Disclaimer: We were hosted at Revelry Vintners by Visit Walla Walla.
We spent a long weekend in Walla Walla at the 2018 Winebloggers’s Conference. On the final night of that event, we attended a dinner with local winemakers. Jared Burns, winemaker and founder of Revelry Vintners brought himself and his wines to our table. We were very impressed with what we tasted. So, we were delighted that Revelry Vintners was one of the wineries on the post-conference excursion on the next day.
Revelry Vintners – The Story
Jared Burns founded Revelry Vintners in 2005; barely two years after leaving college. During his college years at Whitman College, a liberal arts college in Walla Walla, he tasted and fell in love with a Merlot from Canoe Ridge. However, his connection to wine goes back much further. When he was nine years old his father, Dennis Burns, started a synthetic cork business, Supreme Corq.
The tasting room, which opened in May of this year, is at the front of the production facility. Daylight pours in through the large windows. In addition, the high ceilings create a bright and airy space. The use of muted tones and clean lines create a room that is modern yet welcoming. The labels on the bottle, most of which are black and white, add to the refined feeling. There is nothing here to distract from the wines. Given how impressive a space has been created, it is little wonder that the building has won an award from the American Institute of Architects.
One of the advantages of being in a winery in early October is that harvest is in full swing. The winery staff were not picking grapes on the day of our visit. However, we did see tanks full of grapes at various stages of fermentation. Aromas of ripe fruit joined the normal oak aromas of the barrel room.
Revelry Vintners – The Wines
Revelry wines fall into three categories: Aerials Series, Range, and Columbia Valley Selection.
The Aerials Series are their flagship wines. Each of these seven wines is made from a single clone of a specific grape grown in a single vineyard. Three of the series are even more specific, being from a single block in the vineyard. The vineyards are all within a two-hour drive of the winery. The labels on each bottle are an aerial photograph of the source vineyard. All but one of the wines we tasted came from this range.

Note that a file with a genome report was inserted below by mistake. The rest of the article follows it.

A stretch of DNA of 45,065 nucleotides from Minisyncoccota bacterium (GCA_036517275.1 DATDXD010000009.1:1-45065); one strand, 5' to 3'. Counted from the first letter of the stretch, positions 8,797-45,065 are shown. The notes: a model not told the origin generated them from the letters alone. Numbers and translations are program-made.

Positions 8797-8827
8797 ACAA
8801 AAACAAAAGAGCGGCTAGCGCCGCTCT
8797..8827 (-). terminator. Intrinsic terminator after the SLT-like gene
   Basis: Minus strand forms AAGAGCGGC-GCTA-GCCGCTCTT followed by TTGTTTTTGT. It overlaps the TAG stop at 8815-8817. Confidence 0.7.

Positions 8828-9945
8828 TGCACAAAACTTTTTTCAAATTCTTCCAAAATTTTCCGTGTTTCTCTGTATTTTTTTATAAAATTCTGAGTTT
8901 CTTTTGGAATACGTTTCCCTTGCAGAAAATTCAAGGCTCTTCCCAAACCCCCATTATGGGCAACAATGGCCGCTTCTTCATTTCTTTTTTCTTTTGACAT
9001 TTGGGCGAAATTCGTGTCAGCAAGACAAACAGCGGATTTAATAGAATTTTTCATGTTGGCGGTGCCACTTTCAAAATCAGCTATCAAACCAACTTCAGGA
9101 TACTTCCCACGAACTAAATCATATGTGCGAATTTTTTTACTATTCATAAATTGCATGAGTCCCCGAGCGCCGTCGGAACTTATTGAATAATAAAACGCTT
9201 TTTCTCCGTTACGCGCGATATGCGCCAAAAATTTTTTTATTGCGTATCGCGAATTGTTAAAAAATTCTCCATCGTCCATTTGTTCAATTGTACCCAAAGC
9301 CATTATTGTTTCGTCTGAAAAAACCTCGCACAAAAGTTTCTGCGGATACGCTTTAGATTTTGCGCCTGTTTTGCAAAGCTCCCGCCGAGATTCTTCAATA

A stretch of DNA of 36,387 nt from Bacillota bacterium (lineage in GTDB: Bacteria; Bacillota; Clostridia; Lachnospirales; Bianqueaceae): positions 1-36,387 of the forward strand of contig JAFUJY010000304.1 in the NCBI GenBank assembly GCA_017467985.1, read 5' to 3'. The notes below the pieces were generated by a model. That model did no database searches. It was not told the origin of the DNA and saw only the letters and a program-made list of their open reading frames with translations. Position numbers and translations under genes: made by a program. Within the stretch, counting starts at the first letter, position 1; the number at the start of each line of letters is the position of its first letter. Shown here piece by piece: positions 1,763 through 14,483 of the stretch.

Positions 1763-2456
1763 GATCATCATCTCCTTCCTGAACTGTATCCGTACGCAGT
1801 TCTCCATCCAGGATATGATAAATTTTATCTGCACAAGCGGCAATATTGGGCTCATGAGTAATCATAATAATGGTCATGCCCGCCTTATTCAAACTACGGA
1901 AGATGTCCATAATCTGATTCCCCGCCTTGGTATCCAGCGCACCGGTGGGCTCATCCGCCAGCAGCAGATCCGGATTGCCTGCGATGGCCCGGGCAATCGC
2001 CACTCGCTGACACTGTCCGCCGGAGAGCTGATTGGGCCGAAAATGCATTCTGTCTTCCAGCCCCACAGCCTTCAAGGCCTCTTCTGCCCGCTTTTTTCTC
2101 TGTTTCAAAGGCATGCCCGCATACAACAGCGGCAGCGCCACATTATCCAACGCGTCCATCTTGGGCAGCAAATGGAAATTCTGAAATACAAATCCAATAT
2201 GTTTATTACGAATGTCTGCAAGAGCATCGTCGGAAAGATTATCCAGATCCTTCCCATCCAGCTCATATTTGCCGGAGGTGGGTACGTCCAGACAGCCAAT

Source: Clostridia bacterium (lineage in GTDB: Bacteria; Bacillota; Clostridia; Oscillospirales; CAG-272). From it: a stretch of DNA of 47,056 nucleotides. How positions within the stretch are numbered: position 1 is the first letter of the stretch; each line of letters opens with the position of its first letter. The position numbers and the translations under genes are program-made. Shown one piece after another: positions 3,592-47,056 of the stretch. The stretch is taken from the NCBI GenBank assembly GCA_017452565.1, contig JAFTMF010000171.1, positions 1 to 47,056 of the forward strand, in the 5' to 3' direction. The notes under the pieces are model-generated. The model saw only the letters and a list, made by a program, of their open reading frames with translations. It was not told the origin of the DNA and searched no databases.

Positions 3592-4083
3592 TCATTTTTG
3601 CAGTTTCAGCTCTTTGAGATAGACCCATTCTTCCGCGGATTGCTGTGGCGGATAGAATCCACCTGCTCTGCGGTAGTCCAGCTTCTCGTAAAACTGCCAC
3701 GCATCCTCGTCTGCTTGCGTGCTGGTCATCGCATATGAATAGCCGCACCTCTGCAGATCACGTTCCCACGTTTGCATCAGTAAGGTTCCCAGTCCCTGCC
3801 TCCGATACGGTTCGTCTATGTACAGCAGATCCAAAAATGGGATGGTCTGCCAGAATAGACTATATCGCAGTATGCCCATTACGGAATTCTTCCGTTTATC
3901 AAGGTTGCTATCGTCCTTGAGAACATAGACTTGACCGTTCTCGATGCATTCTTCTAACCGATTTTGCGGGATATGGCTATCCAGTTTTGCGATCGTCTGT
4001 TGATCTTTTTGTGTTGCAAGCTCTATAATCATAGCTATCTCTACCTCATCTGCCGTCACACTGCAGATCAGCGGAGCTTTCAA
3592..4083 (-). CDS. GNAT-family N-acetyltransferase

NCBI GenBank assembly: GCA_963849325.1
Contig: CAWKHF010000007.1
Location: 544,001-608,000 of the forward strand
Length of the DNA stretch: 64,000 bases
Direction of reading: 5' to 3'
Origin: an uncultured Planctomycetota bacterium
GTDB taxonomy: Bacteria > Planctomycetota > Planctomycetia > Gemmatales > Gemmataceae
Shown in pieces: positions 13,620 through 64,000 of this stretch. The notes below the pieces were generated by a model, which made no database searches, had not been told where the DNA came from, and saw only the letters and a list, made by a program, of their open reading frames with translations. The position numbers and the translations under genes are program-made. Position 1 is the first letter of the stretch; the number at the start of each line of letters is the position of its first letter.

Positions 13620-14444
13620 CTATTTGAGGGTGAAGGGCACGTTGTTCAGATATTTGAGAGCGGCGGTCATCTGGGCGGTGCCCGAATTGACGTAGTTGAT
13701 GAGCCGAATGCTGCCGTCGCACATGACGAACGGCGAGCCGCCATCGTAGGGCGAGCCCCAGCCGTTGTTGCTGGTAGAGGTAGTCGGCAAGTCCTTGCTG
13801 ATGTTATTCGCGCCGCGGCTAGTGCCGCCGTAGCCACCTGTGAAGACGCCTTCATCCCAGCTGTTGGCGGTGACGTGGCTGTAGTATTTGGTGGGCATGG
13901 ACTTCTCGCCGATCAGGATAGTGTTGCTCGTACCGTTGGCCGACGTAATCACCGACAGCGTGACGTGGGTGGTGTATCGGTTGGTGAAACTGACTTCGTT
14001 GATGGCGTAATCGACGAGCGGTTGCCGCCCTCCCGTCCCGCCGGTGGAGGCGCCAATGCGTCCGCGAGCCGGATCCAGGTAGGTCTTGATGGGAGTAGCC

Range is a single wine. At first glance, that seems to make for an odd choice of name. However, the wine is a blend of Grenache from the Southern edge of Washington State and Syrah grown 100 miles further North.
The Columbia Valley selection consists of six wines. Revelry Vintners first vintage in 2005 consisted of three of these wines. There is a rosé (Cabernet Franc/Grenache), Chardonnay, Merlot, Cabernet Sauvignon, and a couple of Bordeaux blends. I did not have an opportunity to taste any of these wines.
Tasting The Wines
We started our tasting with the Range Grenache/Syrah (67/33); aged twenty months in 100% neutral French Oak. It sells for $40 a bottle. The nose was spicy, with red fruit and leather notes. The mouthfeel is almost buttery in its softness. That texture is balanced by restrained acidity, subtle tannins, and a flavour profile that offers raspberry, blackberry, and pepper. The grapes grew in vineyards far apart but they exist in delicious harmony in this wine.
Jared poured the next two wines side by side for comparison purposes. The Block 18 Syrah is a clone from the Northern Rhône. The Block 19 is a Southern Rhône clone of the same grape. As the numbers imply, the grapes for these two wines grow close together, with just a path separating the two blocks at Weinbau Vineyard. The differences we tasted are not just due to the clones, as Jared creates them using different approaches and the wines had two distinct vintages.
The 2015 Block 18 Syrah ($56) was aged in 29% new French barrels and used 30% whole clusters. The nose offered red fruit, leather, and some floral notes. Plum and reducrrant flavours supported medium acidity. This wine offers good complexity, whilst remaining approachable.
The 2014 Block 19 Syrah ($56) was aged in 20% New French barrels. The aromas were intense and fruity, with raspberry and other berries. The wine has a bright flavour profile with raspberry and black tannins. That combination made a fine example of the varietal. Amber and I both agreed that we preferred the Block 19 Syrah (Clone 877) to the Block 18 Syrah (Clone 174).
2011 Vintage vs. 2015
Our next wine was 2015 Horse Heaven Merlot ($42); a vineyard near Canoe Ridge. The intense nose was rich and complex with plum and spice offering great promise. The mouthfeel was soft, yet with a delightful sharp acidity. Furthermore, luxuriant fruit expressed itself as plum and raspberry. The tannins were firm and somewhat to the fore. Amber observed that this wine needed more time. Jared proved her right by pulling a bottle of the 2011 Horse Heaven Merlot. The nose was wonderful; with waves of ripe plum aromas wafting from the glass with alluring spice in the background. The mouthfeel was as soft as silk, with tannins just as smooth. Pepper and plum lead to a finish that seemed to last for ever. Since the 2011 library wine was not for sale, we purchased a bottle of the 2015 and shall keep it for at least four years.
The last wine was the D11 Cabernet Sauvignon ($80). The name reflects that the grapes come from vines planted in 1988 in Block 11 of the Dionysus vineyard. 45% aged in new French barrels. The Cab offered a rich nose of intense plum. The wine is opulent with plum, raspberry, and dust. A fine example of Washington Cab and another bottle that we purchased.
The tasting room offers a classy environment in which to taste and the wines are exceptional. I recommend that you put Revelry Vintners on your list to visit when in Walla Walla. Even if you cannot get to Washington state, the wines, Merlot and Cab particularly, are worth ordering online.